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Rising competition from alternative service providers and the ever-forward march of technology adoption should be having a similar, negative, effect on profitability. This raises an obvious question — how are law firms doing it?
Law firm profitability is at a record high. The average equity partner, at an Am Law 200 firm, received $1.8 million in profit sharing compensation last year. This is higher than any point in recorded history (the Am Law 200 data goes back to 1984). Average profits per equity partner (PPEP) are nearly $500k dollars more, in nominal terms, than they were at the peak in profitability experienced before the past downturn. Even after adjusting for inflation, profits per equity partner are $125k per year more than they were a decade ago. Not bad if you ask me.
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By Deborah C. Scaringi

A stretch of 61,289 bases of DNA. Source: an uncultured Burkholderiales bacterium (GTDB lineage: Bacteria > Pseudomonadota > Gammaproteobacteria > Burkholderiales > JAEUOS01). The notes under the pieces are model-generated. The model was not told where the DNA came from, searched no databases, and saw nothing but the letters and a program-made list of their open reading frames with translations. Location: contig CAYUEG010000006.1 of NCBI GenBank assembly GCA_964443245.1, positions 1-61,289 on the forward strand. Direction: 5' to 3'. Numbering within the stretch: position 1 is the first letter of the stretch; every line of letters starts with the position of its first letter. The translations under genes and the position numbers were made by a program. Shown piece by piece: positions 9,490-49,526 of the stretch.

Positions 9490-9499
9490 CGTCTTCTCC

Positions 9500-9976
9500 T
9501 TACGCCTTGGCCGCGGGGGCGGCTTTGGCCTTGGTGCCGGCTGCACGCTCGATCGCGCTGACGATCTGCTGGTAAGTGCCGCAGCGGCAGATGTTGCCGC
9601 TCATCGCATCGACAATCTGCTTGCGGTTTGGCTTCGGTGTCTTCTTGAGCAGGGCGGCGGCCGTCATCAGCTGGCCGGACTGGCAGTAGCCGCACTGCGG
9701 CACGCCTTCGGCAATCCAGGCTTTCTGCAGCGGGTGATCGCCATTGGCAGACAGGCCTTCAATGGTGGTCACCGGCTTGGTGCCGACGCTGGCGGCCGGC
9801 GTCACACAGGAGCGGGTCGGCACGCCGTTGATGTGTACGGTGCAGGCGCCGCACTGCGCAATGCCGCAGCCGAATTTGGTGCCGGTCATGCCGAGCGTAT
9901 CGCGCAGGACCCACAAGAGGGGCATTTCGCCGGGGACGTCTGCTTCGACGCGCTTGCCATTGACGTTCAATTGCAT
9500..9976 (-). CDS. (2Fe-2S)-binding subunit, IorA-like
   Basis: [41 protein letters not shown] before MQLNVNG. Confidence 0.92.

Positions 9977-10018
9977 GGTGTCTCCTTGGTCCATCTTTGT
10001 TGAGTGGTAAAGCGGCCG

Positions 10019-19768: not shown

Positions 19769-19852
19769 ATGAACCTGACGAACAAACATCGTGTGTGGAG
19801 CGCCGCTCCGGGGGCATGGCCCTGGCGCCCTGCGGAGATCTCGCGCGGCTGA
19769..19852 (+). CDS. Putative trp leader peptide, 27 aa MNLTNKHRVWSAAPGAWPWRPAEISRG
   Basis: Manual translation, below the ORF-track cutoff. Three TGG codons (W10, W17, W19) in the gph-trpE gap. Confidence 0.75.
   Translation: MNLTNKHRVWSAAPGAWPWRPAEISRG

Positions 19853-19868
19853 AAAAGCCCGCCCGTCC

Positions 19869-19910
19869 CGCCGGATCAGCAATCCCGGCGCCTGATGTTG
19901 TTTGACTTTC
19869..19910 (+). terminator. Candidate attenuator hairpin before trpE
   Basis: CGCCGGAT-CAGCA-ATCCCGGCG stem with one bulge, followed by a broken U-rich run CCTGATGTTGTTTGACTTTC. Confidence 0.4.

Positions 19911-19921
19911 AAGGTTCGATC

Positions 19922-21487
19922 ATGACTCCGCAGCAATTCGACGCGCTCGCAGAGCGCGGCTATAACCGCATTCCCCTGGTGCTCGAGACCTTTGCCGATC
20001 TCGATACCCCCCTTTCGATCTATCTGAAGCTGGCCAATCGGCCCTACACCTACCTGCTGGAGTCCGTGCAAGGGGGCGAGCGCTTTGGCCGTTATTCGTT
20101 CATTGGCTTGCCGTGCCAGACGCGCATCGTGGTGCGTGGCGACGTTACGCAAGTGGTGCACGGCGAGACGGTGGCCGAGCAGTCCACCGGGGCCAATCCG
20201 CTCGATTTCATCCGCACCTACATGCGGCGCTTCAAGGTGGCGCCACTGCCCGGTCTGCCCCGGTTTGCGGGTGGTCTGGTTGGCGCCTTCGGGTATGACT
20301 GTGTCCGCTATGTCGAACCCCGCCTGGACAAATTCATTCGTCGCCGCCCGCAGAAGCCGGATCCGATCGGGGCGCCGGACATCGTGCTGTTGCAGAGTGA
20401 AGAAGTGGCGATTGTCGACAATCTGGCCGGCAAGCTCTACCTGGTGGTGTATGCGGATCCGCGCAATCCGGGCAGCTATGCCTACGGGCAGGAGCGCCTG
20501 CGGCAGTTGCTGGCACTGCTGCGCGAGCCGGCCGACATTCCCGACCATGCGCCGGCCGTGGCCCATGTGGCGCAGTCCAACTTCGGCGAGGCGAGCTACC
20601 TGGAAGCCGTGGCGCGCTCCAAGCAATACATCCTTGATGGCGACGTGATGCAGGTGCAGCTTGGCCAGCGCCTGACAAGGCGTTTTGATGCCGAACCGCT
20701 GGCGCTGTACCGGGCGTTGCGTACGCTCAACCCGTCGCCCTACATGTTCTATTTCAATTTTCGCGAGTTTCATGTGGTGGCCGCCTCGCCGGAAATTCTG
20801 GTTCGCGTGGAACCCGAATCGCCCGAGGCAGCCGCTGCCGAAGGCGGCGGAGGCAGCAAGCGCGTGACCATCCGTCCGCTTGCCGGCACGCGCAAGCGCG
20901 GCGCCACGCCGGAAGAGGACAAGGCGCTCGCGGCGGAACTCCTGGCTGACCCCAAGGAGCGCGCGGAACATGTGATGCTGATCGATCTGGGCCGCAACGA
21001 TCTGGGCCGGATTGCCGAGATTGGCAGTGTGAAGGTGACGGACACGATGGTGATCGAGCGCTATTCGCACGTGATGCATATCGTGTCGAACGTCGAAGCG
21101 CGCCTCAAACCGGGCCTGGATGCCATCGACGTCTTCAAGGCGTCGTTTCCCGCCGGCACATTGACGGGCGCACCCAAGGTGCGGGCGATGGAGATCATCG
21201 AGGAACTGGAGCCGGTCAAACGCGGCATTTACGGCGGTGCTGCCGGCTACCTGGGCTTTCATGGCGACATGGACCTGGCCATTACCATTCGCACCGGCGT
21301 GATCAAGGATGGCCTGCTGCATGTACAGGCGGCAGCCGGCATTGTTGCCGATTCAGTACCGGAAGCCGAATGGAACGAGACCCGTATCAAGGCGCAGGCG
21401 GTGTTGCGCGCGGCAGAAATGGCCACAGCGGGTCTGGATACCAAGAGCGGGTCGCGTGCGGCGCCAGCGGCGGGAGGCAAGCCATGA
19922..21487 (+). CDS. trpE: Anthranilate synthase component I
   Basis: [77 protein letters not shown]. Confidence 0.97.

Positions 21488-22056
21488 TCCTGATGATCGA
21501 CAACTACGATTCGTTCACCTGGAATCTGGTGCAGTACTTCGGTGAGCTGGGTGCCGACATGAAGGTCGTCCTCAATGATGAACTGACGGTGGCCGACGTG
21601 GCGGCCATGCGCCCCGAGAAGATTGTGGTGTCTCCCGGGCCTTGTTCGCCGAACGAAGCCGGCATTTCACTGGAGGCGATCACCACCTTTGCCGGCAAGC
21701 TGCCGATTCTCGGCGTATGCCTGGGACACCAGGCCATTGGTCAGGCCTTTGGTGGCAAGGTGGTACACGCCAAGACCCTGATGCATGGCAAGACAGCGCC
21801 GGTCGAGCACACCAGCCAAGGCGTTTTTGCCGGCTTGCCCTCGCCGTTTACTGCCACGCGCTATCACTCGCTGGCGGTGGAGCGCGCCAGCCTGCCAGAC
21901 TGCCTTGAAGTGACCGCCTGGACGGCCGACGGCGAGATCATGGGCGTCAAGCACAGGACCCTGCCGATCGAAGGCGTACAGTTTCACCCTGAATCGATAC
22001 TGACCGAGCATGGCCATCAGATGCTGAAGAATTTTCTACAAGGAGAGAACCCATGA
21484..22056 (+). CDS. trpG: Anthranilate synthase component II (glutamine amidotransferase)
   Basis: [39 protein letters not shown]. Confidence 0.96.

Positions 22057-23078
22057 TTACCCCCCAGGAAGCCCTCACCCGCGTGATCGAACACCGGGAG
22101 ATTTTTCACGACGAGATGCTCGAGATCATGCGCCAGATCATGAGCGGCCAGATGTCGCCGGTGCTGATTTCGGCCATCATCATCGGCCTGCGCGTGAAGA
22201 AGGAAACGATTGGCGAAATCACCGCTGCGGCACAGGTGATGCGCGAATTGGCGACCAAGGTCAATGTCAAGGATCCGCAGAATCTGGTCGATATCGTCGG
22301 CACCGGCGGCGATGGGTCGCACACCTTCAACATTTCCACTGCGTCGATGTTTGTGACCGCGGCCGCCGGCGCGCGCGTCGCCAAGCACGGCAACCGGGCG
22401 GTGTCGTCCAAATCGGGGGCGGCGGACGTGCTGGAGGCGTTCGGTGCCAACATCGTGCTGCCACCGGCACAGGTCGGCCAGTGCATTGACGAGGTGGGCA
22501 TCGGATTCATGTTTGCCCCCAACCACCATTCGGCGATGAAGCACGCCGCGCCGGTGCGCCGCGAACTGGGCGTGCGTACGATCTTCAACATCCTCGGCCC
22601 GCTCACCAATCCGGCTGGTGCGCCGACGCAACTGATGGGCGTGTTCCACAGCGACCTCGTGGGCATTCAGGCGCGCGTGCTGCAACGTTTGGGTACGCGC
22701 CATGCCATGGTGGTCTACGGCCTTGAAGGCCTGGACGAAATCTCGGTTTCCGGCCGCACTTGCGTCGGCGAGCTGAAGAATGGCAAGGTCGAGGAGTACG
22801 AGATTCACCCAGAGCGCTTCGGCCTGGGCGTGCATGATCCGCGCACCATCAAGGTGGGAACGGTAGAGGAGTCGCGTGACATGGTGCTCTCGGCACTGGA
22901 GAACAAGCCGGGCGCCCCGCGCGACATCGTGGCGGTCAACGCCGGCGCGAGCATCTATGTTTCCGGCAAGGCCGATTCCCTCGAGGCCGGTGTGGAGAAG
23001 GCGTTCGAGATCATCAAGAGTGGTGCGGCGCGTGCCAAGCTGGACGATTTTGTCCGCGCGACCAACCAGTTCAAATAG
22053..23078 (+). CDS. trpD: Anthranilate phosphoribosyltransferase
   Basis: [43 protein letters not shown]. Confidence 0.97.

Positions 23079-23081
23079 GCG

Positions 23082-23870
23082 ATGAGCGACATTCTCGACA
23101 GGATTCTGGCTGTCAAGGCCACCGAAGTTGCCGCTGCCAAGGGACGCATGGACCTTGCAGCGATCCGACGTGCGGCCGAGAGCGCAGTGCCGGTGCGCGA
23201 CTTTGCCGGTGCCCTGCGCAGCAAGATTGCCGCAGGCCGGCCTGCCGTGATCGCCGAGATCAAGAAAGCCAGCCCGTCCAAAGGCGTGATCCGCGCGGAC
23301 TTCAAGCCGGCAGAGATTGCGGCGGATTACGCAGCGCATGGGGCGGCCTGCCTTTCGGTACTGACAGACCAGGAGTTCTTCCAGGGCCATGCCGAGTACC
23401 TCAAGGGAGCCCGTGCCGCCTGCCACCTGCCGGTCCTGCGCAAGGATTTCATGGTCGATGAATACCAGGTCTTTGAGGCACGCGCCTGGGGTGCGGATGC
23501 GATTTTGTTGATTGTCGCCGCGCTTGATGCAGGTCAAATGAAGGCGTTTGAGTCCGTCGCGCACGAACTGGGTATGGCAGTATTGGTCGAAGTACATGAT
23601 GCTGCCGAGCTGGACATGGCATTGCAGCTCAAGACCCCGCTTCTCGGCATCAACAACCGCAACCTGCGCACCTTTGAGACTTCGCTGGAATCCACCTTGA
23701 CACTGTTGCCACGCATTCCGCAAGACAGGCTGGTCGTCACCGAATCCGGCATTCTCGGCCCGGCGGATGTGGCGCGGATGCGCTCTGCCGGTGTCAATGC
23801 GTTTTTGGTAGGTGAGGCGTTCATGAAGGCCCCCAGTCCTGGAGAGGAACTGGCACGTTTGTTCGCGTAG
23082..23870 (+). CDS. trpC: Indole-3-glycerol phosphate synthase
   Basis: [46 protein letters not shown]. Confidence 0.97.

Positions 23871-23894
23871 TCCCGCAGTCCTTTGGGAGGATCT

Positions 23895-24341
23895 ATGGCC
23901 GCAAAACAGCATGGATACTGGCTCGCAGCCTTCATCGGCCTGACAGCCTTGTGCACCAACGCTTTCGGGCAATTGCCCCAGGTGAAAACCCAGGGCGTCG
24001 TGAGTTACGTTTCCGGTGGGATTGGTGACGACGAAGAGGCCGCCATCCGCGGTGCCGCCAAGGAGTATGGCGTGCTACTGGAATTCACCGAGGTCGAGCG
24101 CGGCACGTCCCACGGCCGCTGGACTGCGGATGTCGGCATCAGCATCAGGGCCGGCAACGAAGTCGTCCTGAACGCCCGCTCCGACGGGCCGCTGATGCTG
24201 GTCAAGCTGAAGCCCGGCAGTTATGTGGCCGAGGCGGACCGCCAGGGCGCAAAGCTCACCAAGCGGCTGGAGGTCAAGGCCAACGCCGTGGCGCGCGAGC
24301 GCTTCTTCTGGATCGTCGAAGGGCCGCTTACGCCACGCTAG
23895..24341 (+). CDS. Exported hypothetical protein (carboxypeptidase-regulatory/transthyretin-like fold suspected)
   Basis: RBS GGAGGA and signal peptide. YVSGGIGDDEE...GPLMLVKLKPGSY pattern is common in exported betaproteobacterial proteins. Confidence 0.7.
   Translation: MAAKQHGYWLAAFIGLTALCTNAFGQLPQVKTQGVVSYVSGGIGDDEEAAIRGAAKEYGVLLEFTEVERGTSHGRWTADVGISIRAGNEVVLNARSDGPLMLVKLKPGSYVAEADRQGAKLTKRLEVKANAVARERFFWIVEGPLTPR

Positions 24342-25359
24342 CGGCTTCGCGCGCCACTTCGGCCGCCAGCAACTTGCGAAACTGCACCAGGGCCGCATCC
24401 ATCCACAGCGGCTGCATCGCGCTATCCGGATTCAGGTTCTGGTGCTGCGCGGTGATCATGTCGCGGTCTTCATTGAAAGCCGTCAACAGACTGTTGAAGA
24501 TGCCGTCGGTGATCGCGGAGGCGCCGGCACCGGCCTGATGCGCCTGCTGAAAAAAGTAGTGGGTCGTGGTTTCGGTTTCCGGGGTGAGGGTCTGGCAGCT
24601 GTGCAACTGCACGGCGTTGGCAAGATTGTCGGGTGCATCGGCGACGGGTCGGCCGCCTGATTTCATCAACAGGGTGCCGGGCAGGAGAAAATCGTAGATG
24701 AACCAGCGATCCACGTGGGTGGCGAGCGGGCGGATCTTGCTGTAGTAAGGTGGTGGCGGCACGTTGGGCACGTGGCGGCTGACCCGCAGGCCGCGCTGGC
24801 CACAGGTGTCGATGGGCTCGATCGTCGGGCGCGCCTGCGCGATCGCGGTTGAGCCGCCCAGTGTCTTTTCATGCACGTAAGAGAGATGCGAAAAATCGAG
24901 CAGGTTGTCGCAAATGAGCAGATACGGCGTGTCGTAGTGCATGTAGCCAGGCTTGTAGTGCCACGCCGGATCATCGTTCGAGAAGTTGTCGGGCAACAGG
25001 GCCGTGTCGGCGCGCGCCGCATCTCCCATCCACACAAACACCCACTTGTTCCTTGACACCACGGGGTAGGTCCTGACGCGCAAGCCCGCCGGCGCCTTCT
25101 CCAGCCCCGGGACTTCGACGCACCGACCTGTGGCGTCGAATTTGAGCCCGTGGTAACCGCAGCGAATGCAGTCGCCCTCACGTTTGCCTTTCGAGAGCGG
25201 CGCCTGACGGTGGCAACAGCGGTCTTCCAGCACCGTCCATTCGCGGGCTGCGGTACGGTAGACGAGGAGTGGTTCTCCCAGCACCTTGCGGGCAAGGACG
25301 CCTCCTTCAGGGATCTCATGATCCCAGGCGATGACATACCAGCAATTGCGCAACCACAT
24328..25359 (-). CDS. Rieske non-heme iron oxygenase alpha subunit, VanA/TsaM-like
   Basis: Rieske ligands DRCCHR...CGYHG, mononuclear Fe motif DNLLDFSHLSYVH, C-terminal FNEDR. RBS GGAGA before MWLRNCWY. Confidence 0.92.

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By Christopher M. Ferguson
This article discusses what tools the government has for pursuing seemingly undeserving PPP borrowers, the obstacles to bringing such cases, and the factors that may influence the government’s decision in pursuing criminal or civil cases.
By MP McQueen
Recruiters say the demand for contract attorneys in corporate and government legal departments and law firms is rising as the ongoing COVID-19 pandemic creates more of certain types of legal work.
By Rinky S. Parwani and Greg Garman
The billable hour is still profitable from a transactional perspective, but from a strategic perspective, in today’s economy, that profitability has begun to erode. That’s because our economy has fundamentally transformed into a service economy that is based on leverage and scale.